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E.C. Council Forges Accord With State Recycling Standard, Plank Park Rehab Moves Ahead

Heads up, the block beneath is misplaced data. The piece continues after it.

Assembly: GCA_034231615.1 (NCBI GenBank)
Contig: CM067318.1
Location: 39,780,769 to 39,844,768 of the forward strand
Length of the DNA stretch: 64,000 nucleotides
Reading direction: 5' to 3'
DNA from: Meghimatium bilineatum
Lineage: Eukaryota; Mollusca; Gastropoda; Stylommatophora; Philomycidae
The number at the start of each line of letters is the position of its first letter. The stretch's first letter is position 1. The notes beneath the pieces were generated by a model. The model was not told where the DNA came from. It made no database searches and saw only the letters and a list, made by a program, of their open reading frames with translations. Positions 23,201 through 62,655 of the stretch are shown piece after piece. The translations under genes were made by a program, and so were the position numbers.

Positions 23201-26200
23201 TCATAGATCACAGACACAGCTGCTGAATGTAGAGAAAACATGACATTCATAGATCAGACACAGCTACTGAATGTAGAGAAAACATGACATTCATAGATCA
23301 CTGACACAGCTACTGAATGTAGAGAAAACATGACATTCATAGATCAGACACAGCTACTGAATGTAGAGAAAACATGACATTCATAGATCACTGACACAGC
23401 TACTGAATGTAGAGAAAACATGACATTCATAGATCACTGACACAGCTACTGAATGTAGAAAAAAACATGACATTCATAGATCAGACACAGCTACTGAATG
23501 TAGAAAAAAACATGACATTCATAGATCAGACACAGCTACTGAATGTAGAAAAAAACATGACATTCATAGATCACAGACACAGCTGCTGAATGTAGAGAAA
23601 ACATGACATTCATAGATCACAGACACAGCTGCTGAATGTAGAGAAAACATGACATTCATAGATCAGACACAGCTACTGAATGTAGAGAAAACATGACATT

The El Centro City Council gave final approval to a city ordinance meant to compel commercial and industrial businesses and owners of residential dwellings with five or more units to adhere to more stringent state standards on the mandatory recycling of organic and green waste. The council voted unanimously on Sept. 17 to repeal and re-adopt city code chapter 12 in its entirety in order to dovetail with a state law, Assembly Bill 1826, intended to reduce greenhouse gas emissions through mandatory organic and green recycling. “We need more boots on the ground to improve compliance with AB-1826 or the state could fine the city $10,000 a day if we are not compliant,” said Abraham Campos, El Centro public works director. At the last council meeting, when this issue was discussed and preliminarily approved, Campos said local businesses and multi-family unit owners were out of compliance with the state law at rate of 93 percent. AB-1826, implemented in April 2016, builds upon AB-341, which was passed in 1989. The former sets goals for the city to recycle 75 percent of its waste by 2020. The Department of Resource Recycling (Cal Recycle) notes state landfills take in 30 million tons of waste each year, of which more than 30 percent is organic. Cal Recycle has determined organics could be used for compost or create renewable energy instead of going to landfills. Since April 2016, residential dwellings of five or more units that are generating 8 cubic yards of organic waste per week were required to have an organics-recycling program in place. Then, from Jan. 1, 2017, businesses and residential dwellings of five or more units that generate 4 cubic yards of organic waste a week had to start recycling. Beginning Jan. 1, the same structures generating 4 cubic yards of solid waste in a week must also arrange to recycle. However, Matthew Gray, sustainability coordinator with CR&R Inc., the city’s contracted refuse firm, explained at the beginning of August that CR&R established and distributed exemption forms to businesses and multi-family dwellings that do not generate a half cubic yard or more of organic or green waste. With this additional data, it brought up compliance rates to 70 percent, he noted. “We’ve made great progress with cooperation of local business and residences in the last couple of months,” said Gray. “We expect a lot more progress and probably see near full compliance by December.” In other city business, Plank Park phase two improvements were approved by the council in a 4-0 vote, with Mayor Pro Tem Efrain Silva abstaining. Plank Park phase two improvements will rehabilitate the 3.62-acre park in the Desert Village West subdivision, which is west of Austin Road, east of Plank Drive and north of Ross Avenue. Phase one was completed in September 2018, Campos explained. Amenities for phase two include: installation of 46,400 square feet of stabilized decomposed granite for pathways and the planting of 60 trees and 625 shrubs. Prior landscaping, lighting and some trees were completed in phase one. Total cost of the project is $673,000. El Centro was awarded an Urban Greening Grant of $573,000 in February 2017. Measure P sales tax funds provided another $51,546 and it covers the contingency fund of $48,453 as well. Pyramid Construction and Aggregates Inc. was awarded the contract Sept. 3, noted Campos. Construction is scheduled to begin Oct. 14 and completed by Feb. 11, 2020. A loan request of $100,000 by Diana and David Nuricumbo for their family corporation, NUMA, Inc., was approved by the council to relocate their multiple businesses to new headquarters at 143 S. Sixth St. The project is a two-story building which has a restaurant, La Resaca and The Loft on the east side. “Our intent is to make it a destination place with a fine dining steak house with fresh salsa,” Diana Nuricumbo said. “The second floor is an event center and the first floor is an event center.” Cost of the project is $2.291 million. The Nuricumbo family already secured a loan of $1.79 million and invested $400,000 of their own funds. “It’s always the council’s intention to encourage new business,” said Mayor Edgard Garcia. “It’s essentially a small loan. It’ll have a domino effect on the surrounding businesses. I recommend it.”

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